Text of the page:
Reihana Apene turned to the Citizens Advice Bureau (CAB) when she felt she had nowhere else to go.
"Before I walked in that door and had a face to face conversation … I could not see the end of it, I could not see anything," she told 1 NEWS.
Ms Apene had to stop working due to an illness and had racked up debt when she approached CAB.
"It was good because I didn't know where to go, I didn't know who to go to," she said.
The bureau volunteer sent her away with information to use when approaching businesses on two occasions, which didn't do much to change the situation.
Feeling even more vulnerable, Ms Apene contacted the CAB once more and the volunteer suggested coming to her if she couldn't get to the bureau.
"It was just nice to know that someone is there for you when you need… when you want them to be there," she said.
The volunteer handled all communication with the businesses from that point on and Ms Apene holds him responsible for getting her out of hardship.
The volunteer called her several months later to see how things were going.
"I paused and I actually burst out into tears and I went, 'Oh my gosh, you actually are here and caring for me' and he said, 'Of course, we don't just close your record and be done with you.'"
This is just one experience of the more than half a million people that contact the Citizens Advice Bureau for help in New Zealand each year.
Last year, over 31,196 people contacted CAB in Wellington alone. That figure has steady risen from 24,980 people in 2013.
In Wellington, the largest group seeking support is those aged 20-29.
Other clients told 1 NEWS they received help for "dodgy clauses" in a tenancy agreement where CAB rang the letting agency on their behalf, for budgeting advice after a decade of living overseas, for legal advice and to help after an elderly woman had money stolen in an online scam.
Wellington City Council is reviewing its funding for the organisation, with a final vote being made next week over a proposal to cut guaranteed funding after six months and evict bureaus from several council spaces.
Ms Apene is worried if this happens, other people won't be able to be helped to the lengths that she was helped.
"If we don't have them, where are we going to go? Not all people have access to Google.. some people probably don't even have a cell phone," she said.
Victoria University of Wellington Students' Association President Marlon Drake said students utilise the service and with a tight rental market and tenancy requirement changes, the support is more necessary than ever.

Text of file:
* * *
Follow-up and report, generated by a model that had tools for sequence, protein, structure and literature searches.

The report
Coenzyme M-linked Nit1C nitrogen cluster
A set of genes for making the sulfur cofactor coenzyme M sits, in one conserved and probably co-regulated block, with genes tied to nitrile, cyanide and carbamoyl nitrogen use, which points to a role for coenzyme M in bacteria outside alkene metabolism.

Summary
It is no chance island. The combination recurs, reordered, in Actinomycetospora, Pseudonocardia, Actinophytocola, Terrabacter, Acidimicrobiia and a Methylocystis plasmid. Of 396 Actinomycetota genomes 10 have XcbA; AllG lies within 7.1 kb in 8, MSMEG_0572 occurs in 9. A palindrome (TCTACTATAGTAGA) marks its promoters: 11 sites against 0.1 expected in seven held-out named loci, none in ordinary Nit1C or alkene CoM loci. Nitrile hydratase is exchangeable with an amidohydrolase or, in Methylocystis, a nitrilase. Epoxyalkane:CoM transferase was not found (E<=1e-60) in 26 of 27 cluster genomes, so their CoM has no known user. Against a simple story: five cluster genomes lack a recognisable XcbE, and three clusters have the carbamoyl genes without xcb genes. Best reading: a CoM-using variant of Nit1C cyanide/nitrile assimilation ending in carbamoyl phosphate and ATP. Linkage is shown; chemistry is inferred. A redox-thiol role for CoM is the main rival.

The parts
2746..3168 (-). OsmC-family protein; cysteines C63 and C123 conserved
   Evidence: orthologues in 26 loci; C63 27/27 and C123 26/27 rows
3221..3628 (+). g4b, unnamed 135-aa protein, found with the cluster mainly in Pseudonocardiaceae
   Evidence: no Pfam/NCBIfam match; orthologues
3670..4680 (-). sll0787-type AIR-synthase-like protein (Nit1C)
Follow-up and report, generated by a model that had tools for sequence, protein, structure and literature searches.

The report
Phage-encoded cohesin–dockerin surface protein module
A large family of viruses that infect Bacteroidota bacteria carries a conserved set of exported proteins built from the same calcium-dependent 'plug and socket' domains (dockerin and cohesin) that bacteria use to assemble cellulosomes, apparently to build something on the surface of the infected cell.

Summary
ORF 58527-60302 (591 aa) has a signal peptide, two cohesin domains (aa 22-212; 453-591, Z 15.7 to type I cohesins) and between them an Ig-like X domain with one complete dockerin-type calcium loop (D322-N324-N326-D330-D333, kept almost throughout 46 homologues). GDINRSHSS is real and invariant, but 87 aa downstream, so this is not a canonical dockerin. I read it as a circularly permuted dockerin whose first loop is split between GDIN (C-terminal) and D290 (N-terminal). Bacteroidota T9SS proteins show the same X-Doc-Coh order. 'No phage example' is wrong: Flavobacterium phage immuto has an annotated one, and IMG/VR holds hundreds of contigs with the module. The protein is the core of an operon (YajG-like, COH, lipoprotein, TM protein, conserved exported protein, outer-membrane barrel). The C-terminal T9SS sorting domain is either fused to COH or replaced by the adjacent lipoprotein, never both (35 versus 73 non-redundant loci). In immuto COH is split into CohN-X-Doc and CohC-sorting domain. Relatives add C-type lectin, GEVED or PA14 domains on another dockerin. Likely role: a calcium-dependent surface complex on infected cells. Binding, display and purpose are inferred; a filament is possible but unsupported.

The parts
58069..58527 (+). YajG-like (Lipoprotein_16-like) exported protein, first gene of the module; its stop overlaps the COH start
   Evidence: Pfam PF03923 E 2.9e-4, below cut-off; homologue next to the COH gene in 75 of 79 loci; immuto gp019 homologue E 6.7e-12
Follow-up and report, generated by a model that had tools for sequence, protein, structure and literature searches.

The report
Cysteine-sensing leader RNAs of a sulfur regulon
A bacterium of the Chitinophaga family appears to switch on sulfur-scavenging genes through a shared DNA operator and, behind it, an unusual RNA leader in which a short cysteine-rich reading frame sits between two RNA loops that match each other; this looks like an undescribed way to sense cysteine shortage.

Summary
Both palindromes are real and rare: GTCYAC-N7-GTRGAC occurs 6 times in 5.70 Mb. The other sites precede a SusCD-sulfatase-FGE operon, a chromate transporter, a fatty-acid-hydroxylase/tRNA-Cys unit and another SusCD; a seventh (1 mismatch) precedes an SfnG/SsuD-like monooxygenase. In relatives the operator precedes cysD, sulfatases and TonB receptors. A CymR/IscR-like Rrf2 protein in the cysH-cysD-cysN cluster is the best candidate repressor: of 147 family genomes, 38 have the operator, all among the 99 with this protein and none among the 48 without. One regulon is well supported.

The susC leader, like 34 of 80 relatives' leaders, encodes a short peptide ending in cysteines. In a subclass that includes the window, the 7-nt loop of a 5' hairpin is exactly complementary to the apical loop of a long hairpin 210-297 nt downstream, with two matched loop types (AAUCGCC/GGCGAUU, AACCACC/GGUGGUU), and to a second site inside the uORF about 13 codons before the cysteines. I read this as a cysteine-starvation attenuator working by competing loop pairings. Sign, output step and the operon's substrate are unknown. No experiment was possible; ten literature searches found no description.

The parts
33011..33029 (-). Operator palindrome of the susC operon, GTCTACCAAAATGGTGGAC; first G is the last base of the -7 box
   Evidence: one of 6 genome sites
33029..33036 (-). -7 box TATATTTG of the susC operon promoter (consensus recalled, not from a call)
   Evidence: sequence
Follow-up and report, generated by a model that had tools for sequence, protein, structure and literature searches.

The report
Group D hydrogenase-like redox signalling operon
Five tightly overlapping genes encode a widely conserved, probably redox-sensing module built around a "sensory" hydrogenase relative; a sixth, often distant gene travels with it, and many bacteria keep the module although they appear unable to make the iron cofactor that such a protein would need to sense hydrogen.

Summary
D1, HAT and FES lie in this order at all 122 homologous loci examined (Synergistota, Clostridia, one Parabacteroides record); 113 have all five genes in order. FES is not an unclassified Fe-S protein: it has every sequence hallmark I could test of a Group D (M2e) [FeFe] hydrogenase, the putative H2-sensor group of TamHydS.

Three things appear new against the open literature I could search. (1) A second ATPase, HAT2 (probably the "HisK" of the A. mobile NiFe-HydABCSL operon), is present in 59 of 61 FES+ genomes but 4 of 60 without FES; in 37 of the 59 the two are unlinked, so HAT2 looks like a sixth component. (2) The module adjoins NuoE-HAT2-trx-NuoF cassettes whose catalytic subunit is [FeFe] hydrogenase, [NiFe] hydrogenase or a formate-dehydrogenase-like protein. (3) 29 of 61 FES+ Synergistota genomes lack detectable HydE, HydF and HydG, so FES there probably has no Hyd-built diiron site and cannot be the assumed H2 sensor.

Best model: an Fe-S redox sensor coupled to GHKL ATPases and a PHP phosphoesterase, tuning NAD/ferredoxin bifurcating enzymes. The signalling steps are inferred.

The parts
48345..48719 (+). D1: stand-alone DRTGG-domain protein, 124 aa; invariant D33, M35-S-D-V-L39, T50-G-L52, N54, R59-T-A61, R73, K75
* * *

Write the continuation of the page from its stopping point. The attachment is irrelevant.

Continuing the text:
Mr Drake said the council proposal was disappointing.
Community and Voluntary Sector Minister Peeni Henare said he supports the kaupapa for Citizens Advice Bureau and had seen the benefits of the service in Auckland's Manurewa.
He said he couldn't comment on the Wellington City Council funding proposal.
The council currently funds 85 per cent of Wellington CAB, giving $210,000 every year. It provides space for three bureaus with no cost for rent or power.
CAB chief executive Kerry Dalton says the current service model is highly effective, with high demand for its website information and face to face service.
"Being asked to change that when there's no evidence that something else is going to work better does not make sense to us," she said.
Ms Dalton said she understands the council would like to see the service become mobile as well as undergo a funding overhaul to remain sustainable.
"We've got experience that shows us that it's having service delivered consistently from the same place that is the most effective thing because people know where to go and when the service is going to be there."
The council is questioning whether the current organisation is reaching those most in need, according to Councillor Brian Dawson.
"There are some very deprived communities in Wellington so we want to make sure that they are reaching the most vulnerable people in the community," he said.
He said the council also wants the organisation to improve access to their services and review how they could work with other organisations and agencies "so there was less duplication of resources".
He said the yearly funding is one of the council's biggest community grants and the council is reviewing where its priorities for funding lie.
"I wouldn't like to see their service removed, I'm sure we can find ways to make sure that that doesn't happen… I do want to make sure we’re spending ratepayers money in the best possible way," he said.
A petition with hundreds of signatures calling for ongoing council support for the organisation will be presented at a council meeting next Thursday. A decision is expected to be made on the funding proposal then.